Who knows when this madness will end. Perhaps by the time these words reach print we will have been delivered of the latest psychotic episode — the absurd shuttering of some federal government bureaus and offices. Dangerous shenanigans, and a national embarrassment. And still to come is the debt ceiling debate.
The man who could end it is the speaker, Rep. John Boehner, for whom one can feel sorry, almost. He is the dog being waved by the tail: the putative leader of the House, its presiding officer, third in line to the presidency, the senior Republican in Washington, Boehner is captive to the three dozen or so of its Tea Party contingent, a fraction of the chamber’s 233-member GOP majority but one which wields outsized influence; without its votes the leadership is powerless, almost. A budget bill minus the language intended to cripple the Affordable Care Act (“Obamacare”) need only be put before the House and it would sail through on the votes of more moderate Republicans and the Democratic minority.
Four others could assist Boehner — the four members of the House from Arkansas, all Republicans. At least one, Rep. Steve Womack of the 3rd District, appears more than prepared to. Alone among the Arkansas quartet, and at some potential political risk, Womack has bemoaned the shutdown strategy. (His northwest Arkansas neighbor, Sen. John Boozman, concurs, though both have, at this writing, sided with their leadership on shutdown votes). That ought not be terribly surprising given that Womack, as persistent a critic of Obamacare as any of his colleagues — though invariably more civil — is a former mayor of Rogers, and thus the only one of the four with experience at running anything.
The 1st District’s Rick Crawford, it is reported, has become part of Boehner’s inner circle. Which means — what? That he is counseling the speaker to stand fast? Or assuring him that he’ll stand with him should Boehner bring the “clean” funding bill to the floor?
The 2nd District’s Tim Griffin has, for the time being, signed on with the Tea Party faction, which is that it is not unreasonable for 10 percent of the House to close government offices when it cannot work its will on the other 90 percent.
Too, the 4th District’s Tom Cotton, who is attempting to unseat Sen. Mark Pryor. In a press release defending his position, a statement remarkable for its baldness, Cotton asserted that “We couldn’t repeal Obamacare, so we offered to defund it.” Cotton did not reveal whether “we” also had “offered” to kidnap the president’s children; presumably Mr. Obama would have declined.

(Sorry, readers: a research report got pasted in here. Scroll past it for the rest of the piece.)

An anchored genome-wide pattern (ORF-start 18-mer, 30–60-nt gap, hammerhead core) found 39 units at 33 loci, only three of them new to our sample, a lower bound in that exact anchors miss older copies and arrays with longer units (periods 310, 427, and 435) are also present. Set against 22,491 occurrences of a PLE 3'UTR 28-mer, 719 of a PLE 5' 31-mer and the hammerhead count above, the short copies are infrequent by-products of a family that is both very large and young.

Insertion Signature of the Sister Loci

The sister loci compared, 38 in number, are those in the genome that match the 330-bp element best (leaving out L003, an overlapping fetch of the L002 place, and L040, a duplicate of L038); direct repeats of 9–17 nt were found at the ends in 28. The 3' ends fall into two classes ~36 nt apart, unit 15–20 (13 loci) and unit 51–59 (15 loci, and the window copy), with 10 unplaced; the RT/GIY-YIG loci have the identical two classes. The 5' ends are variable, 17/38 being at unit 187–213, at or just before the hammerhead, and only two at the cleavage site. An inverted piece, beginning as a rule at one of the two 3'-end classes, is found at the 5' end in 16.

As absurd as the comments from Arkansas’s delegates may be, it pales against the bulk of the hard right’s rhetoricians in both substance and tone.
They complain of a president cutting deals with his Russian counterpart to avert, or attempt to avert, more killing in the Middle East (and deeper, more expensive military involvement by the U.S.), all the while playing Russian roulette with the American economy.
They warn that the United States is on the verge of becoming “the next Greece” while pushing it resolutely toward Athens, unable or unwilling to undertake the reforms that are the cost of solvency.
They decry efforts by the administration to supposedly “control one-sixth of the economy” as if they were proud of that percentage — by far the highest in the world — and determined to maintain it instead of being frightened to death of it and humiliated by how little it provides the nation, as in, for example, an infant mortality rate higher than Hungary, the Czech Republic and — Greece. And life expectancy that trails Qatar, Kuwait and — Greece.
They demand “market-based” solutions, never mind that the marketplace as it exists has hospitals charging 10 bucks for a box of tissues and three for an aspirin tablet.
The conventional wisdom, bolstered by one after another public opinion poll, contends that voters will hold the Republican Party responsible for the stalemate and take it to task at the polls a year from now. I’m not so certain. Would constituencies as ill-informed and scared enough to send mindless (or merely cynical) ideologues to Congress and then repeatedly re-elect them abruptly realize that government is serious business in need of serious people?
It’s Boehner’s play. His speakership is in play, threatened by a minority of his own party that he can’t control. Where will Arkansas’ representatives come down when the vote comes? And when it does, will they hang back, watching the vote count in search of safety? There may be none.
Steve Barnes is a native of Pine Bluff and host of Arkansas Week on AETN.